with the party being blessed. Aaron stepped down from his lofty station of
holiness in order to connect with all Israel.” (Rabbi Shimon Sholom Kalish,
Rebbe of Ashminov)
“First become a blessing to yourself, that you may be a blessing to others.”
(Rabbi Samson Raphael Hirsch)
“The most eloquent prayer is the prayer through hands that heal and bless.” (Billy
“Sometimes I need only to stand wherever I am to be blessed.” (Mary Oliver,
Pulitzer Prize winning poet)
Questions for Discussion
Who is qualified to bless another person? How do the insights of Rabbis Hirsch
and Kalish help shape your answer to this question? How does the midrash cited
in Maayanah shel Torah relate to these two authorities’ teachings?
What is the significance of Aaron blessing the people both before and after
entering the Tent of Meeting?
Why did Moses join his brother in offering the second blessing? To increase the
intensity and visibility of the act? To compensate for a perceived lack in Aaron?
To emulate his priestly brother’s example? To demonstrate a united front in
national leadership? What programmatic (or spiritual) implications does this joint
blessing offer to modern congregations?
Why does God’s presence appear to the people Israel only after the second
Whom would you wish to bless? What message would that blessing articulate?
Conversely, whose blessing would be the most meaningful to you? How might
you communicate the desire to be so blessed?
Theme #2: “Glatt to See You!”
“These are the instructions concerning animals, birds, all living creatures that
move in water, and all creatures that swarm on earth, for distinguishing between
the impure and the pure, between the living things that may be eaten and the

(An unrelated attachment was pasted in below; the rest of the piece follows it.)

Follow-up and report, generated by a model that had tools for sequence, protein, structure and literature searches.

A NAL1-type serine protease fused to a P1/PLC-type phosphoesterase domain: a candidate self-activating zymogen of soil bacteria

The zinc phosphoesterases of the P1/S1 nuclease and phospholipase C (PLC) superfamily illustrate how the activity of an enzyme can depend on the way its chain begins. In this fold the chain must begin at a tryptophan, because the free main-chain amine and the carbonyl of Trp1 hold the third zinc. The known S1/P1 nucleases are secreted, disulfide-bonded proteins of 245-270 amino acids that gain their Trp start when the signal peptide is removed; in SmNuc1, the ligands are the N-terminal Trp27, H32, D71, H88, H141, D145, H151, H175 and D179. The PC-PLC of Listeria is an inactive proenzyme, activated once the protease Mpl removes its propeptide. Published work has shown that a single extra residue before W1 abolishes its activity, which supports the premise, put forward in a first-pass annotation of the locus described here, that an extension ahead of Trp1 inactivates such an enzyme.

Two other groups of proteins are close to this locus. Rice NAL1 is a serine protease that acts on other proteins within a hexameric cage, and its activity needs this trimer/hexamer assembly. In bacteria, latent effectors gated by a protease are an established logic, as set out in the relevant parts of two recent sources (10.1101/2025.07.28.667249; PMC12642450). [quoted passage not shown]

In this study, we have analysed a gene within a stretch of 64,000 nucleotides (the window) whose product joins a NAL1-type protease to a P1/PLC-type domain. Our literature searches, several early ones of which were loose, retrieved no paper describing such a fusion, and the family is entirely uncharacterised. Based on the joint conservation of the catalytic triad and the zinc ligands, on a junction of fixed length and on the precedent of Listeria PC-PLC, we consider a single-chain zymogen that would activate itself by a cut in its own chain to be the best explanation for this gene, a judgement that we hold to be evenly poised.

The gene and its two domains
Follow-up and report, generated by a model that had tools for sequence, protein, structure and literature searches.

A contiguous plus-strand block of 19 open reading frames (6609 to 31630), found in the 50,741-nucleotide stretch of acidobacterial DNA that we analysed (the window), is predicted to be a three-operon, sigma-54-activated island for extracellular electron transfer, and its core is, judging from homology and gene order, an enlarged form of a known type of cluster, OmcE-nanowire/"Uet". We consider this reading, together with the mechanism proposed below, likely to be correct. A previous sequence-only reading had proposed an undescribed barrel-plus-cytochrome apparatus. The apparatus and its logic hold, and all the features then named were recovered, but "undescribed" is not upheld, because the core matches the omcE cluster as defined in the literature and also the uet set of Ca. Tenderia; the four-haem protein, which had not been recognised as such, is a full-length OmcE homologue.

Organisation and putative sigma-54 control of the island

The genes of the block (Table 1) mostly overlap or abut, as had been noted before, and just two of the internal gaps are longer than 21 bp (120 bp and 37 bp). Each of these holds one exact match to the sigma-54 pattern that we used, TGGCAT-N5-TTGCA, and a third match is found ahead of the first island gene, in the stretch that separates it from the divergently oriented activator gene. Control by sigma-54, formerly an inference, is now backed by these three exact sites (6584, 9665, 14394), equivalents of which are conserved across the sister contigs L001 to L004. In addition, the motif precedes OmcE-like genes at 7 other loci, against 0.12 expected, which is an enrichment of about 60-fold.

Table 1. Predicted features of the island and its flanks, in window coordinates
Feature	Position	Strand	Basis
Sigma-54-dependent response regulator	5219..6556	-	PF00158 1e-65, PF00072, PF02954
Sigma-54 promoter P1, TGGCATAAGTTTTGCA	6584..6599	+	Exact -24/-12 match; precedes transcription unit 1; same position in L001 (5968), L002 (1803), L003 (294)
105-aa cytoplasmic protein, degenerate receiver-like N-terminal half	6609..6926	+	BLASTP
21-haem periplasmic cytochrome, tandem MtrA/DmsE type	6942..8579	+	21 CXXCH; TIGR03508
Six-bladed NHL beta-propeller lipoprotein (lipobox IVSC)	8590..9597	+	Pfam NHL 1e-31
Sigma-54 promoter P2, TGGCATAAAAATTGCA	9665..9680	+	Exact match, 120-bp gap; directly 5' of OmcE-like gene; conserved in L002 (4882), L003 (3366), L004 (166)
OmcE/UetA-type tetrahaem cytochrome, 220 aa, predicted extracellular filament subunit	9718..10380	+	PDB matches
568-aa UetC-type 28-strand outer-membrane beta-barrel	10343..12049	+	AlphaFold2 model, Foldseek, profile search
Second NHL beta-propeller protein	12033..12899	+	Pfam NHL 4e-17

living things that may not be eaten.” (Leviticus 11:46-47)
“The biblical laws that limit Israel’s diet to only a few of the animals permitted to
other peoples constitute a reminder – confronted daily at the dining table – that
Israel must separate itself from the nations.” (Jacob Milgrom)
“In the absence of modern economies and cattle-raising techniques, sufficient
quantities of animal flesh were mostly unavailable for common consumption. If
one of the central purposes of these laws was to separate Israelites from their
neighbors, it is very odd that the legislator (divine, collective, or otherwise – I
intend this as a metaphor) chose to restrict the laws to foods that were eaten least
often, if at all.” (David Kraemer)
“Observing kashrut demands sacrifice, self-discipline and determination, but
what is really worthwhile in life that does not?” (Rabbi Samuel Dresner)
“The dietary laws are not incumbent upon us because they conduce to
moderation, nor the family laws because they further chastity. The law as a whole
is not the means to an end, but the end in itself; the Law is active religiousness,
and in active religion lies what is specifically Jewish.” (Rabbi Louis Ginzberg)
“Cooking is a language through which that society unconsciously reveals its